May help reduce risk of chronic diseases
Research, including one recent study published in the European Journal of Epidemiology, has linked consumption of red and processed meat to an increased risk of cancer. “The abundance of antioxidants, vitamins, and minerals in plant-based foods helps combat oxidative stress and inflammation, which are key factors in the development of chronic diseases,” says Sheth. “Also, plant-based diets have been linked to better blood sugar control, which is helpful for people with diabetes or those at risk of developing the condition.”
It’s good for the environment
There’s no denying the evidence that supports that going plant-based is astronomically better for the environment. In fact research, including one study published in the journal Nature Foods shows that vegan diets have caused a 75 percent decrease in climate-heating emissions, land use and water pollution. “Plant-based foods generally have a lower carbon footprint and require less water and land resources compared to animal-based foods,” Sheth says. “By reducing the consumption of animal products, you can promote a more sustainable and eco-friendly food system.”
Considering going plant-based? Follow these steps.
Tips for going plant-based
1. Start slow
You don’t have to transition to a plant-based lifestyle cold-turkey. In fact, the best way to do it is to start with one meal at a time, according to Natalie Rizzo, M.S., R.D., founder of Greenletes. “Maybe you’re only plant-based at breakfast or lunch, and that’s perfectly fine!” she says. “Small changes lead to larger changes over time.”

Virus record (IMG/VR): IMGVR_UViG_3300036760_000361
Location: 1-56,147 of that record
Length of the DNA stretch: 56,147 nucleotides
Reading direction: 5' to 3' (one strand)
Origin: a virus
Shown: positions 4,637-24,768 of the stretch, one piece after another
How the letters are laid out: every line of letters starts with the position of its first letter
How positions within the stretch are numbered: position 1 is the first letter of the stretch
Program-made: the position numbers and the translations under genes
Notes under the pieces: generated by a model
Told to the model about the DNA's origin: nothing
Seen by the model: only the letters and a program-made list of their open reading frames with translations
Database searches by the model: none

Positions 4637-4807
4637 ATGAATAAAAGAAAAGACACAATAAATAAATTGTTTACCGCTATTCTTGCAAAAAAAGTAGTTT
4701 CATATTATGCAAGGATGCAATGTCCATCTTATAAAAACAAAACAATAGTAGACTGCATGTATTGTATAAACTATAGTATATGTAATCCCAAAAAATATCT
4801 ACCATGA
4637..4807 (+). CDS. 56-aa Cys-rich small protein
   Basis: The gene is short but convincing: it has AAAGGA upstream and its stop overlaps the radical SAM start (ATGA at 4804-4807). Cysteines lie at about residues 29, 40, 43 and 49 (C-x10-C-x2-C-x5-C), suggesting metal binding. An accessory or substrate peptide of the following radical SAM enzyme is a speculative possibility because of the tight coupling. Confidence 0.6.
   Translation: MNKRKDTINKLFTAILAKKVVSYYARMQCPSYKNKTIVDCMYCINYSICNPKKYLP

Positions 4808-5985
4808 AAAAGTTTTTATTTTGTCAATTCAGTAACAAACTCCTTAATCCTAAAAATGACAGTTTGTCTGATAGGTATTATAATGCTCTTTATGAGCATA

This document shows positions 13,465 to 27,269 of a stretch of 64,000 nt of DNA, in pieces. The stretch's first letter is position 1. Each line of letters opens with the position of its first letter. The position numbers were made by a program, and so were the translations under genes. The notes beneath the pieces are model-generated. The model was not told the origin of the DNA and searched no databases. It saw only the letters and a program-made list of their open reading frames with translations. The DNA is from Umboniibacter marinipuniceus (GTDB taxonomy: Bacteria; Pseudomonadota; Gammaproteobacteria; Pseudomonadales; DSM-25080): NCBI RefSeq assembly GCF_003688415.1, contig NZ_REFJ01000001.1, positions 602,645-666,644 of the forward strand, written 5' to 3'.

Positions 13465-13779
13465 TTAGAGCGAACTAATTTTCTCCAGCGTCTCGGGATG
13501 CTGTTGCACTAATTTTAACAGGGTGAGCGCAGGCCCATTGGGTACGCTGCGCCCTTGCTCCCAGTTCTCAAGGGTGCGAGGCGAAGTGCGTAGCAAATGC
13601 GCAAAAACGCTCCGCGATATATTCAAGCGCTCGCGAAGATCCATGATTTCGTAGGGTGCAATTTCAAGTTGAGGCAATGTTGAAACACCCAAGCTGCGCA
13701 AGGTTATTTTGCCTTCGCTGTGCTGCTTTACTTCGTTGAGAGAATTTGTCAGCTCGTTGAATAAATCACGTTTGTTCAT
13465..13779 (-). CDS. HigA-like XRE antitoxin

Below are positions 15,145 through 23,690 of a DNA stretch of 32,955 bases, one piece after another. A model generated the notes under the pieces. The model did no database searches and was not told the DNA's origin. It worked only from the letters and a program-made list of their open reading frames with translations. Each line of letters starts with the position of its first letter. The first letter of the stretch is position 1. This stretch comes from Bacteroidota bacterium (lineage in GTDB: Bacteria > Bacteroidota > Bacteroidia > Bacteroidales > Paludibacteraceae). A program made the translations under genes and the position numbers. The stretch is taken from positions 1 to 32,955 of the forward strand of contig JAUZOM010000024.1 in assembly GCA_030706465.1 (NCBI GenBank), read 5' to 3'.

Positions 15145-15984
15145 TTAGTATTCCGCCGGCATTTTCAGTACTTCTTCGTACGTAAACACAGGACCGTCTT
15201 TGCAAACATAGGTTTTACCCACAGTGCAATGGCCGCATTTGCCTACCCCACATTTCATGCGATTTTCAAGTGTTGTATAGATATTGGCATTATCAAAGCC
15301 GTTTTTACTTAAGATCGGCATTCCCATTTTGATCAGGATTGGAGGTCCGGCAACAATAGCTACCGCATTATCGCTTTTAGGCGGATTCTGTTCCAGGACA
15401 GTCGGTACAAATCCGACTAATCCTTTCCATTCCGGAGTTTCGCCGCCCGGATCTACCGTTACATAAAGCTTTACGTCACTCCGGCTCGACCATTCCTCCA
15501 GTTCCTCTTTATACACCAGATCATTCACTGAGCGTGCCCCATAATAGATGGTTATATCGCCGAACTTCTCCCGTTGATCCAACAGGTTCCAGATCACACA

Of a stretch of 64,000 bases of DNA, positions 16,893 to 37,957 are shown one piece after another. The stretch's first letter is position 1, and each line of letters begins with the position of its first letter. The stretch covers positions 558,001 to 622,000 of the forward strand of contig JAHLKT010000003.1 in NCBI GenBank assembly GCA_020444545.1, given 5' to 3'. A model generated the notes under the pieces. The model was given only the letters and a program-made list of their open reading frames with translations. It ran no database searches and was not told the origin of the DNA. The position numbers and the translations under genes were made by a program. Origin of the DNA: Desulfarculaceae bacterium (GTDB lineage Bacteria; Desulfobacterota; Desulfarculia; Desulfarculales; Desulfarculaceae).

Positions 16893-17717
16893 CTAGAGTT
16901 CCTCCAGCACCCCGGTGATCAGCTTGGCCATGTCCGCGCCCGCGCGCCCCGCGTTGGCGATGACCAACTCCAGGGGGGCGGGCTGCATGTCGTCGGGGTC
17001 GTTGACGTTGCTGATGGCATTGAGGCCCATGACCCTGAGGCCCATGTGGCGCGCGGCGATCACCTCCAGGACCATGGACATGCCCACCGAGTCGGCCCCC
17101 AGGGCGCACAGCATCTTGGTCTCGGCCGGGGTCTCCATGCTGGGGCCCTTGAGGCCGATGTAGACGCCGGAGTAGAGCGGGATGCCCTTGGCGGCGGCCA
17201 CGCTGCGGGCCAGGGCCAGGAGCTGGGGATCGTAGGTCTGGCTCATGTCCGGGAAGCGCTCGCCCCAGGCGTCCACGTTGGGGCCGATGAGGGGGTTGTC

2. Add foods to your diet before you take them away
If you’re eating a lot of meat and not too many plants, Rizzo suggests trying to include more plant-based foods in your diet before you start cutting out the foods you eat. “For example, add lentils to your chicken tacos to increase the plants,” she says. “You may find that you prefer plant-based food and you may rely less on animal foods.”
3. Plan to plan ahead
“It’s difficult to ‘wing it’ when following a plant based diet, since on-the-go options are more limited,” warns Palmer. She recommends auditing the week and figuring out which meals can be made or packed in advance. “It may also be helpful to focus on protein, since that will be more difficult to get on-the-go,” she says. “Natural peanut butter and lentil soup are a few very tasty and convenient options!”
4. Explore plant-based alternatives
Now more than ever there’s a wide-range of plant-based alternatives that you can swap in for traditional animal-based products. Sheth recommends experimenting with plant-based milk (e.g., almond, soy, oat), meat substitutes (e.g., tofu, tempeh, seitan), and dairy-free cheeses. “These alternatives can provide similar flavors and textures, making the transition smoother,” she says. “However, remember that not all plant-based products are equal in terms of nutrition, so read labels and choose options with minimal additives and processed ingredients.”
5. Eat with the seasons
One of the best ways to ensure that the plants you’re eating taste great is to buy them in season. Not sure when is the best time to buy certain produce? Look for the foods that are on sale. “Those are usually the seasonal ingredients, and they are fresh and inexpensive in the season they are ripest,” says Rizzo. “If you always eat seasonally, you’ll change up the plant-based foods you eat and get a variety of nutrients.”